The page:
Budget cuts hurt students' post-secondary opportunities
Recently, a group of former Eagle River High students came back to talk to my classes about college. These students graduated between 2010 and 2013 and transitioned to universities ranging from Ivy League to state schools. I asked them to talk about how to smoothly transition to college.
Each advised my current students to use the Career Resource Center to help them apply for scholarships. Several highlighted the value of the Gifted Mentorship Program, which pairs students with local professionals to gain work experience.
They all valued having AP credits because it helped them with college admission and led to early registration opportunities. Many stories were recounted about the confidence gained from participation in the arts and extracurricular activities at ERHS.
I have often brought former students in to talk to my current classes. Students trust their older peers to provide sound advice. Unfortunately, I had to follow their talk with news of budget cuts.
The Career Resource Center is closed, the Gifted Mentorship Program has been gutted, and the current budget cuts are going to remove more than 1,200 minutes (24 days) of instructional time from classes.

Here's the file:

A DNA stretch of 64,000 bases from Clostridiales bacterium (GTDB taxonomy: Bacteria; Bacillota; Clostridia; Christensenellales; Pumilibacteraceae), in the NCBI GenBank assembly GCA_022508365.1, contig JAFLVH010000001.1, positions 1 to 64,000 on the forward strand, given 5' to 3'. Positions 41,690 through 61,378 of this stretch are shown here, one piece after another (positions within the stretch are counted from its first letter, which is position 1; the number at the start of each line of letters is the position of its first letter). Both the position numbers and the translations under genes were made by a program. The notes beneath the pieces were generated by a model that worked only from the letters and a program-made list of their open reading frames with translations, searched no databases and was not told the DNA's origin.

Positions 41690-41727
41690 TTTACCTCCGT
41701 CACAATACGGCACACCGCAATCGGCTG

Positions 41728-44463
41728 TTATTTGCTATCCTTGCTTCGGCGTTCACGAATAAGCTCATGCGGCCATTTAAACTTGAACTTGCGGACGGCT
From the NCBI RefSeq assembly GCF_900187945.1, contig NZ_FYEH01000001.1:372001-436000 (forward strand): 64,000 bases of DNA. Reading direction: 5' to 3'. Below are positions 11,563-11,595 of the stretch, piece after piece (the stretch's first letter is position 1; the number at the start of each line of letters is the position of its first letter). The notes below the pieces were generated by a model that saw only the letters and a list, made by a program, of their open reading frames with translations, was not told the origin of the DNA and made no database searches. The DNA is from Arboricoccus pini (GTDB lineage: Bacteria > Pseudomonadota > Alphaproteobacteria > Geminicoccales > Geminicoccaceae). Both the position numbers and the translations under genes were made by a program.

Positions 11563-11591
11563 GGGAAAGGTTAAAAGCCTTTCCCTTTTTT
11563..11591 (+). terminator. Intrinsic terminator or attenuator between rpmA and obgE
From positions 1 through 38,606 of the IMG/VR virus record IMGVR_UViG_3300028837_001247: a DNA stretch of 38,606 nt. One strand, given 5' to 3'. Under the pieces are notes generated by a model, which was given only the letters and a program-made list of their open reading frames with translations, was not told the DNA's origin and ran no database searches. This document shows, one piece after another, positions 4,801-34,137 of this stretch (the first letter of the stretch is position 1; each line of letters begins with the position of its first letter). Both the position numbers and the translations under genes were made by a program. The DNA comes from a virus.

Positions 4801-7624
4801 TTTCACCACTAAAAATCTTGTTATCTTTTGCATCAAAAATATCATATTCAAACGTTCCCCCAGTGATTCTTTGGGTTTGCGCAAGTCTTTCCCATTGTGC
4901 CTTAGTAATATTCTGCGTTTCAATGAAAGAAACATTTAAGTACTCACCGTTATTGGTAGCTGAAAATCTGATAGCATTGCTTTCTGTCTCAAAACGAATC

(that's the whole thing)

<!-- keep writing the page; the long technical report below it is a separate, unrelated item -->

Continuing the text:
Less instructional time means less preparation for Advanced Placement exams. I also had to tell them that the imminent loss of 159 teachers threatens the arts and sports in an unprecedented way.
Right now, teachers are in an uproar because budget cuts are reducing their students’ opportunities and threatening the outcomes we have come to expect.
We have attended meetings with legislators, written letters and spoken to the community about the real value of the people and programs that are vanishing from our schools.
Parents, you, too, should be troubled. Your students, who are entering schools right now are losing the opportunities that helped launch our recent grads into successful post-secondary experiences.
— Mark Van Arsdale, Eagle River High teacher